The woman boxer who leaked the pictures claimed she did so in order to save his life – a feeble defence that turned out to be curiously prescient.
"Looking back," Hatton says, "the News of the World thing forced me to get a grip. If I'd carried on as I was, I might not have been here today."
It's hard to imagine Hatton sitting in a circle in rehab, in a "Thank you for sharing that" sort of environment.
"It was something I had to do. My life was off the tracks even before that stuff in the paper. I went into the Priory because, after I was beaten by Pacquiao, I was devastated. My life ran away from me. Then I got myself right."
"In rehab, did they suggest that you give up alcohol altogether?"
"They did, yes. I went for help because I was depressed. My problems were not just related to alcohol. Some of them would tell me, 'No. It doesn't matter. You are an alcoholic.' But I did learn a lot from them. I took a lot on board. Some things you agree with, some you don't."
After he emerged from treatment, he recalls, "there was the fall-out with my parents. When that happened, I thought, Jesus Christ, is there any more shit that life can throw at me?"
While Hatton insists that his years of angst are behind him, you can't help wondering – given his overwhelming commitment not to betray his roots – what may be the long-term consequences of his estrangement from his family, who still live close to the boxer's large house (a property he named Heartbreak Hotel). Other than family, what clearer embodiment of roots, and loyalty, and belonging, can there be? Ray Hatton once said that Ricky's stratospheric ascent had proceeded at "hundreds of miles an hour". If it's reasonable to see his career still as an upward trajectory, then the familial rift looks worryingly like a hairline crack in a fuel tank.
Some years ago, I tell Hatton, I interviewed Chris Eubank who, at one point, disappeared to find a copy of the Oxford English Dictionary with which to supplement his conversation. If there's one word that the man from Hyde might have used, but didn't, with reference to his coming fight, it's "cathartic".
The Senchenko match, Hatton says, will be the most important of his life. "Some guy said to me: 'The road work, the dieting and the sparring: what you put yourself through really is hell.' I said, 'Do you honestly think I'm worried about training or getting hit after what I've fucking been through?' Other boxers' idea of hell," he adds, "feels like home to me."
His best fight, as he recalls, "was when I beat Tszyu in 2005. Nobody gave me a chance. I beat him into submission. I broke his heart."
This Saturday's contest, he says, "is about much more. I feel everything I have ever achieved has been useless, because of those lost three years. I'm coming back and asking for forgiveness. This is about more than boxing. It is about redemption." This last statement seems to intimidate Hatton himself. "Fucking hell," he adds, as though the enormity of the situation has dawned on him for the first time.
Historically, I suggest, redemption has taken many forms, most famously crucifixion. What if he loses?
"Let's have it right," Hatton says. "If I can beat a former world champion after three-and-a-half years out, I have still got it. In which case I'd go on and fight for another world title. If I haven't still got it, I'll pack it in."
"What did Jennifer say when you told her you were going back in the ring?"
"She said, 'Rick – please don't.'"
"And I told her what I've told you. Now she sees me coming back from the gym with a spring in my step. She's got the person she fell in love with back again. She knows this is something I have to do."
"You've talked about the effect that defeat to Pacquiao had on you. What if you lose to Senchenko?"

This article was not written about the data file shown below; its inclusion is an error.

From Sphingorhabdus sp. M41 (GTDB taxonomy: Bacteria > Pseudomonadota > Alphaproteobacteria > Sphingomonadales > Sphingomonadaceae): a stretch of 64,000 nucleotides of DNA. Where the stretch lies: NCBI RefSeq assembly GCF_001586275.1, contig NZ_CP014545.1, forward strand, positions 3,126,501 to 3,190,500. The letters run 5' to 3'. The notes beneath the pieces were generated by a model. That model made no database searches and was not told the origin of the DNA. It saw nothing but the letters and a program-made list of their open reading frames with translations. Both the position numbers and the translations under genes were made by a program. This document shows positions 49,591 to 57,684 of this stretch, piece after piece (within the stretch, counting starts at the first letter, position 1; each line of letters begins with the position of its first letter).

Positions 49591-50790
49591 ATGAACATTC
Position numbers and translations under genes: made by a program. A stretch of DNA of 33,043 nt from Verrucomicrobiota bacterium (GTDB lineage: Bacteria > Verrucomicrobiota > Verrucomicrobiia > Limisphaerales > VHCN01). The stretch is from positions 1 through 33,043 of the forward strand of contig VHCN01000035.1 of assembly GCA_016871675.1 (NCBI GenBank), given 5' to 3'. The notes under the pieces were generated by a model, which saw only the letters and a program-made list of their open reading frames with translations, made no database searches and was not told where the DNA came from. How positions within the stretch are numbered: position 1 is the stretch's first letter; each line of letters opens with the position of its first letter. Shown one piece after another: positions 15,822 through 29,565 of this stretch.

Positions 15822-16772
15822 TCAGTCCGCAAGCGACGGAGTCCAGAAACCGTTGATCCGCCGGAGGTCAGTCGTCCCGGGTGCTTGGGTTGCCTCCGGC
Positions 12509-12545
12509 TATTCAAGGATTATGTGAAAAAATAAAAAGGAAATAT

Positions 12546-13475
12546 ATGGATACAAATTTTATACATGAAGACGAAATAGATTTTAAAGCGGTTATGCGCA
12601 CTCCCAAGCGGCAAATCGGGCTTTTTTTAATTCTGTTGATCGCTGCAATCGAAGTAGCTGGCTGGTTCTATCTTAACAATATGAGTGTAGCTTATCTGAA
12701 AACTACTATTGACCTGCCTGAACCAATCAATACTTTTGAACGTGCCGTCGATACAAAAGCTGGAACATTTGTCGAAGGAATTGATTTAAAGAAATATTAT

"If I give 100 per cent and get splattered, I'll still be happy. I would rather get splattered and know I gave it a go. To find that redemption. Because in my mind I am a failure. And I need to get that feller off my shoulder who tells me that, every single day."
"A failure in what sense?"
"I have people saying, 'He got beat by Pacquiao, then he got caught by the papers doing this, that and the other.' I don't want my career to end that way. I don't want, when I'm gone, people saying to my kids: 'Your dad was a hell of a fighter, but he flushed his life away.' I want them to say: 'Hey. Your dad was some boxer. He had his problems but, Jesus, didn't he come back fighting.' I want my kids to be proud when people talk to them about their dad. And as it stands, I don't think they will be, not at the minute. And so," he adds, "here we are."
I find myself troubled by a vision of Hatton, always an instinctive and courageous fighter, coming out of the blocks too recklessly, an explosive incarnation of revenge for those years in which, as he says, "the world has been picking on me".
Any boxing performance, Hatton replies, "has got to be controlled aggression. The heart and the passion that I have for this fight is one thing, but if I were to step out like a chicken with no head… It has all," he repeats, "got to be controlled."
Win or lose, Hatton insists, "before the bell even goes to start this fight – before I have even stepped in the ring – I have won. Because of where I have come back from."
A pessimist might envisage other consequences: defeat, for instance, might cause him to rediscover the consoling powers of two gallons of Guinness. If he wins, he risks consigning an ageing body to the mercies of this least forgiving of occupations.
As I leave Hatton, he goes back to his training programme, his body alive, as always, with a kind of restless certainty. Whatever the result on Saturday, the boxer repeats, in his own mind he will have won, "because of where I have come back from. I'll be able to look myself in the eye, with pride, in the mirror."
He says this with absolute assurance.
Even if you can't help suspecting that some part of Ricky Hatton may still be privately unsure as to which outcome – victory or defeat – might, in the longer term, constitute the more dangerous form of triumph.
Ricky Hatton vs Vyacheslav Senchenko will be shown live on Primetime, Channel 498 on Sky and Virgin On Demand, on Saturday for £14.95. To order, call 0871 200 4444 or go to primetimeboxing.co.uk. Follow Ricky Hatton on Twitter, @HitmanHatton